|I’d Call It That||3.0||6.14||1||(Eduardo27)|
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Graphiola phoenicis, a biotrophic parasitic fungus of palms, was originally identified as a myxomycete and later classified as a discomycete, rust, pyrenomycete, smut-like fungus and hyphomycete. This taxonomic confusion has persisted for approximately 160 years and is primarily due to the lack of understanding of fructification development and the nuclear cycle of the fungus. During our investigations, Phoenix canariensis Hort., which is one of the hosts of G. phoenicis, was maintained in a growth chamber under conditions suitable for dissemination of the parasite. On the basis of ultrastructural and histological data obtained from a study of infected leaves, mechanisms of ingress, ramification and egress of G. phoenicis are proposed. Techniques of fluorescent microscopy and flow cytometry show that the air-dispersed propagules and yeast cells are the same ploidy and support the results of a recent study which demonstrate that meiosis occurs in the chain of fertile cells (basidia). The fungus is a member of the Heterobasidiomycetes and should be accommodated in the separate order Graphiolales. Reference:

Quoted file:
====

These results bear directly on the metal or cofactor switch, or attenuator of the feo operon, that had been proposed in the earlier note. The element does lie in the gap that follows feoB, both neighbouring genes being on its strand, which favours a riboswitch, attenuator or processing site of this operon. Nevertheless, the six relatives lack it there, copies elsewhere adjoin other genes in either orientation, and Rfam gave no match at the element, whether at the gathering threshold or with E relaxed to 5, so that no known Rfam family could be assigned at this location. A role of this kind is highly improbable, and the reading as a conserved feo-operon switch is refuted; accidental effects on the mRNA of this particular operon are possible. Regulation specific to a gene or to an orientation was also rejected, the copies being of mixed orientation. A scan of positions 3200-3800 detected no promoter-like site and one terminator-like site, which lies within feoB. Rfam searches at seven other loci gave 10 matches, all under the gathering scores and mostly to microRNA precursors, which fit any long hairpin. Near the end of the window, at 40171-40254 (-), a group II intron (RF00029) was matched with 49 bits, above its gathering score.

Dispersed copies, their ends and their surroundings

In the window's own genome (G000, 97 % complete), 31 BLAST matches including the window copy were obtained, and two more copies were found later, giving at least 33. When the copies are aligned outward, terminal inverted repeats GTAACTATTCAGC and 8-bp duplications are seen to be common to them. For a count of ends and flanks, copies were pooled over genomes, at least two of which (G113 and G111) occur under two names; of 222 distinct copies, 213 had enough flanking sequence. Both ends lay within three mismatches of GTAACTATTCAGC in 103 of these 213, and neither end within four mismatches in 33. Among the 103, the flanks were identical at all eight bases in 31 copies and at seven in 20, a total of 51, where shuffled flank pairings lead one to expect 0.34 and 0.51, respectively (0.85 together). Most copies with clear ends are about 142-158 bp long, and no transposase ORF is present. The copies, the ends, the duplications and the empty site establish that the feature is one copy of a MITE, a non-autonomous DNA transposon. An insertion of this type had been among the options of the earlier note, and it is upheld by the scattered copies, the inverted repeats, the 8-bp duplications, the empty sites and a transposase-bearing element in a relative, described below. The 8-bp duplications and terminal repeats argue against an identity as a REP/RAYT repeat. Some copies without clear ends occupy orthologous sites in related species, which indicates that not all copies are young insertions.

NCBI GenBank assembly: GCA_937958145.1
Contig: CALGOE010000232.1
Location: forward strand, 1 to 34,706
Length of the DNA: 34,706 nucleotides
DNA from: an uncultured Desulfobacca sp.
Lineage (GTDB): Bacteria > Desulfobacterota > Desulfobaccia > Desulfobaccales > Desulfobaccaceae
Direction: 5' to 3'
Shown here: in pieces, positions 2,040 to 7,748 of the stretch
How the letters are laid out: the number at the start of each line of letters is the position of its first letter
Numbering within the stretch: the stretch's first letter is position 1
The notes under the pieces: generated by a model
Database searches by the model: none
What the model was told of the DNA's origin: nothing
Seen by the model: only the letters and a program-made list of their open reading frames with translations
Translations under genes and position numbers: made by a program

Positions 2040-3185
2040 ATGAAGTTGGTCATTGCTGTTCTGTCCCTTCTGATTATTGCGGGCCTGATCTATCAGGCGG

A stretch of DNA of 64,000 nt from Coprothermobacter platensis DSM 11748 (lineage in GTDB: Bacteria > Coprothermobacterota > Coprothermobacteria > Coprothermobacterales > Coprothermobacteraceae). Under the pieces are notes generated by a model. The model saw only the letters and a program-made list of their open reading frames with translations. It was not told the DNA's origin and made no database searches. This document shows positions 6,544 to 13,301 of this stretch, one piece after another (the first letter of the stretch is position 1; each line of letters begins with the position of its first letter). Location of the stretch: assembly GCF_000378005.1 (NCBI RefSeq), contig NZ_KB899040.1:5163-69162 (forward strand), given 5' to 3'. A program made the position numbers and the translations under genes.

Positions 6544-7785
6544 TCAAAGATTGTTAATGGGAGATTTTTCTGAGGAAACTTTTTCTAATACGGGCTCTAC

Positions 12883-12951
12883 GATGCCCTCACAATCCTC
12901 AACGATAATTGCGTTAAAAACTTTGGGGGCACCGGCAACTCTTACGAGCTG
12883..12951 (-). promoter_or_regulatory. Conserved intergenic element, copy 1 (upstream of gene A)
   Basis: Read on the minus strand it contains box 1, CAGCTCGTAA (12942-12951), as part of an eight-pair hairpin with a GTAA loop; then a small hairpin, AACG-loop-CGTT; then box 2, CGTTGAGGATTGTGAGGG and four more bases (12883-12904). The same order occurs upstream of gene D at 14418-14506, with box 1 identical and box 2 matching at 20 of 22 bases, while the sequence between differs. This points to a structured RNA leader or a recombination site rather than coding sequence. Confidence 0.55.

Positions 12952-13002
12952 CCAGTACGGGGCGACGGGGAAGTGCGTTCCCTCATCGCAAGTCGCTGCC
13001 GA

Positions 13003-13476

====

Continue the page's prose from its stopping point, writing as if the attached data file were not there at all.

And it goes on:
Created: 2012-03-17 12:16:01 MST (-0700)
Last modified: 2012-03-17 12:17:33 MST (-0700)
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